WUJS combines Jewish and Middle Eastern Studies against the backdrop of a living classroom, as well as volunteer opportunities. Having visited Israel on only two short-term trips, I was finally able to not only see a multifaceted Israel on WUJS, but to become a part of it.
In addition to taking an intensive Hebrew ulpan course, the group traveled to diverse sites around Israel, which ranged from the Independence Hall in Tel Aviv to Kibbutz Metzer, the only kibbutz where Israelis and Palestinians live and work together, to Sderot, where we visited playgrounds, which serve the dual purpose of bomb shelters.
While our trips throughout Israel gave us a real framework for our studies, volunteering gave us a place in the community. Throughout my time in Israel, I volunteered at Amir Stables, a farm that offers riding lessons as therapy for terror victims, children with disabilities, and even Holocaust survivors. As my Hebrew grew and I learned how to relate to the sometimes-pushy Israelis, I grew more at ease in Israel and began exploring it with friends—spending a few days in the Golan Heights and attending the Rainbow Gathering, a hippie festival in the middle of the desert, and then camping out at the Dead Sea. On WUJS, I was finally able to explore Judaism in its central location and experience Shabbat all over the country—from Haifa to Zichron Yaakov to Tzfat.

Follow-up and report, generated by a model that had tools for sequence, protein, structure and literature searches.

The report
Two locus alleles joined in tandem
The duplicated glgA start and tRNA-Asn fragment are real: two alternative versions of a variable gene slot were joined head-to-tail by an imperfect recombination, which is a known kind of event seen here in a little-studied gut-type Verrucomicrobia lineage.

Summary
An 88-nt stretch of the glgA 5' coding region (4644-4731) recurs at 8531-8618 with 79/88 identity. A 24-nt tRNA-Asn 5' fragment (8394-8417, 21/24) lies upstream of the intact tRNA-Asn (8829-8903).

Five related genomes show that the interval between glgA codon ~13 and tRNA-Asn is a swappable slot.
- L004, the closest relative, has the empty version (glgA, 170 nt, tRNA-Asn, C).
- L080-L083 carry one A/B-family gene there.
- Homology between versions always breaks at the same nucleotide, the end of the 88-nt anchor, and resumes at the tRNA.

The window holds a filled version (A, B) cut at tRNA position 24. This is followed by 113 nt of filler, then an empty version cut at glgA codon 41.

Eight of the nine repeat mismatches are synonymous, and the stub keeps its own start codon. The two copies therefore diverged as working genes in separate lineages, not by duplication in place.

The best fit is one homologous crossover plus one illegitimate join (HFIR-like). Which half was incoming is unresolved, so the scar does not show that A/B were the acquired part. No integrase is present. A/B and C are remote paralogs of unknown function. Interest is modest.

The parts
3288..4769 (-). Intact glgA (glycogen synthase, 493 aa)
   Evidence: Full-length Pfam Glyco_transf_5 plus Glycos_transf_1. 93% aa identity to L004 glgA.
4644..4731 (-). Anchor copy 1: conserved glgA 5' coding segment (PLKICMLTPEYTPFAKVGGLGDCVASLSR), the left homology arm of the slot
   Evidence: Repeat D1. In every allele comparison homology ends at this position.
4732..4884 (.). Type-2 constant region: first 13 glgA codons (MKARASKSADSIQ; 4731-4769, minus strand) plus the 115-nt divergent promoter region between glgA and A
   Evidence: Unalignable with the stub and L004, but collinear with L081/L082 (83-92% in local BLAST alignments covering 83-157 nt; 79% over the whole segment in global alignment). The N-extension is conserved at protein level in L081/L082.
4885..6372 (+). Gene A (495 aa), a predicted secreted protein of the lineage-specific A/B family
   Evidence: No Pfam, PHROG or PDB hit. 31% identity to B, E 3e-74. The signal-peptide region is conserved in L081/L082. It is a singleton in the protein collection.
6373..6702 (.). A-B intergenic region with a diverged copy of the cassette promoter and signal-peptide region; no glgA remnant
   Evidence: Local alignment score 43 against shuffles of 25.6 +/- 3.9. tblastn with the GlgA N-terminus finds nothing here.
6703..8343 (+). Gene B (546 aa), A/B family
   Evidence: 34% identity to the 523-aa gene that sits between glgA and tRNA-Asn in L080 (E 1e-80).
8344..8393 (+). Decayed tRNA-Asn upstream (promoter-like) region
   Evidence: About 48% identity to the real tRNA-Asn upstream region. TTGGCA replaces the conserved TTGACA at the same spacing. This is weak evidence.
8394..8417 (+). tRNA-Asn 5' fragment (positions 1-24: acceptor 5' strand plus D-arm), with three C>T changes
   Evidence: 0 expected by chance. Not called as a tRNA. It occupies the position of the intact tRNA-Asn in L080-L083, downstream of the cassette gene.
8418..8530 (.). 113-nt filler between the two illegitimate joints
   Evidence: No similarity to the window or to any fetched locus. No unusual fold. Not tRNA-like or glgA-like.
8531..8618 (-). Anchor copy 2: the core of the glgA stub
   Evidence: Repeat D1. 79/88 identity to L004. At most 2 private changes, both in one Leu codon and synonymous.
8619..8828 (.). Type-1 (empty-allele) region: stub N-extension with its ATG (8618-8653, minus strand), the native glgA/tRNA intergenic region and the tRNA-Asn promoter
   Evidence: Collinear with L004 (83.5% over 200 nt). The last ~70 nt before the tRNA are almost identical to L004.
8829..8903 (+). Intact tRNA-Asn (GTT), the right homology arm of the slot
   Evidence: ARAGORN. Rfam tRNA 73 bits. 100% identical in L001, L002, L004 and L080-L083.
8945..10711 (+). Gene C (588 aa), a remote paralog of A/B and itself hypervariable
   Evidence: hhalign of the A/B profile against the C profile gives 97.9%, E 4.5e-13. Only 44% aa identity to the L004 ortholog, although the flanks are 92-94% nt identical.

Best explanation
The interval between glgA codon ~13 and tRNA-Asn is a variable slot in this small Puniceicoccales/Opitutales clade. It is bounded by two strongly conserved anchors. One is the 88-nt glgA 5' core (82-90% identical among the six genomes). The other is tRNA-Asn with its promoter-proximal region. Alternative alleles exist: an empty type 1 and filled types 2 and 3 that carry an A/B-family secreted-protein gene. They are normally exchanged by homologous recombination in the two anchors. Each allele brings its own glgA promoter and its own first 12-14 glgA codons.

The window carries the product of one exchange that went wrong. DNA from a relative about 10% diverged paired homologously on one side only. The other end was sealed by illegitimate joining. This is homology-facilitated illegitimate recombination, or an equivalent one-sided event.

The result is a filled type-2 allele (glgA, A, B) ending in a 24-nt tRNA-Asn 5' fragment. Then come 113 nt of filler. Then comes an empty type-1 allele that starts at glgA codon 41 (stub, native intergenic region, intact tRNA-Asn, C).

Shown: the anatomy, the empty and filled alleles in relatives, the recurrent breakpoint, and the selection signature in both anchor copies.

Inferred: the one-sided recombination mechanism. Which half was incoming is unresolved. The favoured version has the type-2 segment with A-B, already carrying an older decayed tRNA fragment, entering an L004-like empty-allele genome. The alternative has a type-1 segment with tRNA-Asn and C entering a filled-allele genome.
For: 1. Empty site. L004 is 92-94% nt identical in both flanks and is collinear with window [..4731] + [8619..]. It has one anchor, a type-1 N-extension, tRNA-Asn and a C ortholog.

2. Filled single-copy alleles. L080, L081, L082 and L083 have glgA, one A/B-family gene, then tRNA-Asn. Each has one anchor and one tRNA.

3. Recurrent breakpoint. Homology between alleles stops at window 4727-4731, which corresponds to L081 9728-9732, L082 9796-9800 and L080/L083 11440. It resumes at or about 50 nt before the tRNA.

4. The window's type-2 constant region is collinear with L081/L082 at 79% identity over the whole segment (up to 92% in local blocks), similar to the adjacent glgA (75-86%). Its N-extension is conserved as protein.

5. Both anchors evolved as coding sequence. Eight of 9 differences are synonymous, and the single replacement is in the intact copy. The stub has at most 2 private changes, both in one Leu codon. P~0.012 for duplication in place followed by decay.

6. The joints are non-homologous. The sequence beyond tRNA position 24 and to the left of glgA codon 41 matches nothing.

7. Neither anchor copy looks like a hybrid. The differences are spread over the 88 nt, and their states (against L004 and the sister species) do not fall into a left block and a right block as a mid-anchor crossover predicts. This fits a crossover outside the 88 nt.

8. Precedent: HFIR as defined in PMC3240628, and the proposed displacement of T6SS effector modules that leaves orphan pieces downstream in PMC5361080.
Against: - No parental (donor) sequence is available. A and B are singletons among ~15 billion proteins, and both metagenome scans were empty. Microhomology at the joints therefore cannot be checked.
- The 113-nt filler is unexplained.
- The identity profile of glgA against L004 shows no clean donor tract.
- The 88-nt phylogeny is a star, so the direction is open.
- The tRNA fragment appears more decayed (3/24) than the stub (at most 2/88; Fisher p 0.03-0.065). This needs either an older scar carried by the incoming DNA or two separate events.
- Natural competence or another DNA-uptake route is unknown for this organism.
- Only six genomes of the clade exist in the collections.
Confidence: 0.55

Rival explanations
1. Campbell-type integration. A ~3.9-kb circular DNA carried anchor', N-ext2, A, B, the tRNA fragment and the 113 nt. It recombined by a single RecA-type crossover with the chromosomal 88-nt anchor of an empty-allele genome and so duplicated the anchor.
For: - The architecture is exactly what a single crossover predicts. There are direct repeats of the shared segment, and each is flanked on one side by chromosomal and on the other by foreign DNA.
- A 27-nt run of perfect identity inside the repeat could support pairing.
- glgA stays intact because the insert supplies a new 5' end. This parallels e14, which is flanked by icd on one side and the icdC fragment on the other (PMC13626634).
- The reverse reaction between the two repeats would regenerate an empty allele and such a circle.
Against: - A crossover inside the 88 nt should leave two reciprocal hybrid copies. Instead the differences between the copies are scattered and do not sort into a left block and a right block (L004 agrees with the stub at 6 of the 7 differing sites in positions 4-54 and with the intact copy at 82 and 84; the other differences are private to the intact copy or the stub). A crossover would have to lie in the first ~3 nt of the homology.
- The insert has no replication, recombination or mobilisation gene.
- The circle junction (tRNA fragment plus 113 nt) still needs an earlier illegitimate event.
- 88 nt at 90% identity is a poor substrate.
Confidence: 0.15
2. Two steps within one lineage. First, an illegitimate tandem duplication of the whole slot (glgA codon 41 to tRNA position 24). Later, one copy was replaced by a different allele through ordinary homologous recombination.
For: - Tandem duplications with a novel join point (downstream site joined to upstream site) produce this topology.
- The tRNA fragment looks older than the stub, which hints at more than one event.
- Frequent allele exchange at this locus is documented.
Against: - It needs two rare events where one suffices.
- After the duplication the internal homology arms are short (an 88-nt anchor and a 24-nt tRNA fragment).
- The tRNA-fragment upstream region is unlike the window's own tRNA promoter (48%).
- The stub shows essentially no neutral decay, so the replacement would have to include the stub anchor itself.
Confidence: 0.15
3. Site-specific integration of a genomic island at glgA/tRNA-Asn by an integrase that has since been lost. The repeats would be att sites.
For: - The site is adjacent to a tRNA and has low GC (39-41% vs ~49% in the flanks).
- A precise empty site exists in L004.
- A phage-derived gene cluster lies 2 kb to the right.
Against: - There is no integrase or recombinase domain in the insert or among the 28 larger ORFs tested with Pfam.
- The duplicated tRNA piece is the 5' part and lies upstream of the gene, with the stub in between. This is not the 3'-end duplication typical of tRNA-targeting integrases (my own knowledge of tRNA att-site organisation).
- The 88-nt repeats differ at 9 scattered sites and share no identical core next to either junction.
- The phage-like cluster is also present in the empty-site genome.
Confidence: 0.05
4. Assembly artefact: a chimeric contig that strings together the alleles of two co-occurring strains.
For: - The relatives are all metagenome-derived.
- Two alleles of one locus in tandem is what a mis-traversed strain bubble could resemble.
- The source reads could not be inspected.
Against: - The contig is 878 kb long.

Though I studied biology in college, my volunteering with WUJS made me realize that my calling is in helping people through hands-on interaction. I never would have expected to see myself in Israel a year after graduation. However, I am so lucky I chose that path. Not only did I make life-long connections, visit beautiful places, experience a country so full of life, but I discovered the sort of person I want to be.